Memphis Grizzlies v Oklahoma City Thunder - Game One

Shane Battier may be looking for more money than the Grizzlies are willing to spend

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Shane Battier isn’t quite the defensive force he once was; even the plus-minus data that illustrated his worth to teams like the Houston Rockets — not to mention made him the subject of Michael Lewis’ renowned piece for The New York Times — has turned on him of late, leaving Battier as merely a competent defender with an above average three-point stroke. He simply isn’t suited to defend elite players on a nightly basis anymore, even though his skills certainly warrant a regular place in a high-level rotation. Some playoff club out there will do well for themselves by giving Battier minutes, but that club may not be his most recent team, the Memphis Grizzlies.

From Ronald Tillery’s Memphis Edge blog for the Memphis Commercial Appeal (via Yahoo’s Scoop du Jour blog):

I’ve heard (and this is not fact) that Battier is seeking a contract starting at the mid-level exception (or around $5 million). I’ve also heard the Griz aren’t willing to pay that. So Battier is absolutely right when he says we’ll have to wait and see what the new CBA looks like. No one knows what the exceptions will be if there are any at all.

Battier was a nice fit in Memphis, but he’s not essential there. Tony Allen can do a lot of the defensive heavy lifting, and O.J. Mayo and Sam Young are competent defenders 0n the wing. Plus, Rudy Gay…well, there’s always room for improvement, right?

So the fact that Battier and the Grizzlies aren’t quite seeing eye-to-eye on this rumored annual salary isn’t the greatest tragedy, nor is it in any way the downfall of last year’s fun and surprising Memphis team. All of the core pieces are still in place, and with Gay returning to the rotation in the coming season, minutes for the remaining wing players would be slashed anyway. Allen is due regular burn as one of the league’s top perimeter defenders, while Young and Mayo sop up what’s left of the minutes in reserve. Gay led the Grizzlies at 39.9 minutes per game when healthy last season, and accounting for that amount of playing time requires concessions elsewhere. Battier — as a non-essential component and an unrestricted free agent — is the logical choice.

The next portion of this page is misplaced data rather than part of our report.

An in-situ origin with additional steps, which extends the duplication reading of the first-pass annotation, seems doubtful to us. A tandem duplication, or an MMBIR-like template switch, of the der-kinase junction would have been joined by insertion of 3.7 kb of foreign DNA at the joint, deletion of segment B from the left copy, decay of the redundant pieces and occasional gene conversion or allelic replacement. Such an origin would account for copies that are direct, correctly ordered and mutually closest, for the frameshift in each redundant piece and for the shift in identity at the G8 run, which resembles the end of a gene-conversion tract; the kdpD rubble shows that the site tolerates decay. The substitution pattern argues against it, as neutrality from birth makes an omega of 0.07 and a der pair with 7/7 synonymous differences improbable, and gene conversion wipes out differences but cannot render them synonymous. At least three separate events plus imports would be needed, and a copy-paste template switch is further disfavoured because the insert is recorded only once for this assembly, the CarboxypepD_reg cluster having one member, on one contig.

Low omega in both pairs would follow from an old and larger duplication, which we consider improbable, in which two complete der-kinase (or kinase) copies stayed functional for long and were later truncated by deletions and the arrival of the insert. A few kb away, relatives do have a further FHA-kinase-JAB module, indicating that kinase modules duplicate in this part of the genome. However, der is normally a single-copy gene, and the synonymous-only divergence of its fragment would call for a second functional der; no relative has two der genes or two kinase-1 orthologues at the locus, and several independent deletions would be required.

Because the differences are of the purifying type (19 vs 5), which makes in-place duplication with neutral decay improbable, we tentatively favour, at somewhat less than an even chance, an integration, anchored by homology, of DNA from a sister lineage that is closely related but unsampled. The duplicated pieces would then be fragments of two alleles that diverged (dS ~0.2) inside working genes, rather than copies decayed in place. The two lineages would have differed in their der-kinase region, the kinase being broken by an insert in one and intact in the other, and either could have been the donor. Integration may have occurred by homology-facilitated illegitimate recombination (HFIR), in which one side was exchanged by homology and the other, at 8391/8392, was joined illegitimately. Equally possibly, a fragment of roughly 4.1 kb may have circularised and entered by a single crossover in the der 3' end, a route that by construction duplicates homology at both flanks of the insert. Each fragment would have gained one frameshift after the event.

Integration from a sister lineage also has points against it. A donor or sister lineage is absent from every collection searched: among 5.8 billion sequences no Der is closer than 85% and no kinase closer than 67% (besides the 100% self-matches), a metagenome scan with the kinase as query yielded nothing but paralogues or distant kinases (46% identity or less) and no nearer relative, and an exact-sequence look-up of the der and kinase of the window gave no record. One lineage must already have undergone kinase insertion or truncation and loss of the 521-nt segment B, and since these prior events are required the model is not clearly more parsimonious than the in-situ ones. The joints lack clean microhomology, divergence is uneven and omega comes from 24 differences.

Meanwhile, every club with a need for a 3-and-D wing player (and really, who couldn’t use an extra one coming off the bench?) will likely be calling up Battier once free agency officially begins. It remains to be seen whether $5 million is an appropriate figure for Battier on this year’s market, but it’s not a ridiculous mark for a solid complementary player.

LeBron James calls Cavs’ players’ only meeting after loss to Raptors

LeBron James
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Yes, the Cavaliers are 11-4 on the season and on top of the East. Yes, they are outscoring teams by 6.7 points per 100 possessions, which is fourth best in the NBA. They have the third best offense in the league. All that without their starting backcourt (Kyrie Irving and Iman Shumpert). There are reasons to be optimistic.

But the Cavaliers have a middle-of-the-pack defense and their efforts have been up and down. Wednesday night was a down, they lost on the road to Toronto, dropping the Cavs to 3-4 outside Quicken Loans Arena, with all those losses to teams in the East.

It was enough for LeBron James and James Jones to call a players-only meeting, reports Dave McMenamin at ESPN.

Following a 103-99 road loss to the Toronto Raptors on Wednesday, the Cleveland Cavaliers held a players-only meeting during which LeBron James and James Jones got on the team for its inconsistent play through the Cavs’ 11-4 start to the season, multiple sources told….

“It’s all mindset,” James said after the game, still visibly frustrated. “It comes from within. I’ve always had it; my upbringing had me like that. It’s either you got it or you don’t.”

When asked whether fatigue was a factor, James said, “No. It’s not an excuse.” When another reporter asked whether injuries were to blame, James repeated, “It’s not an excuse.”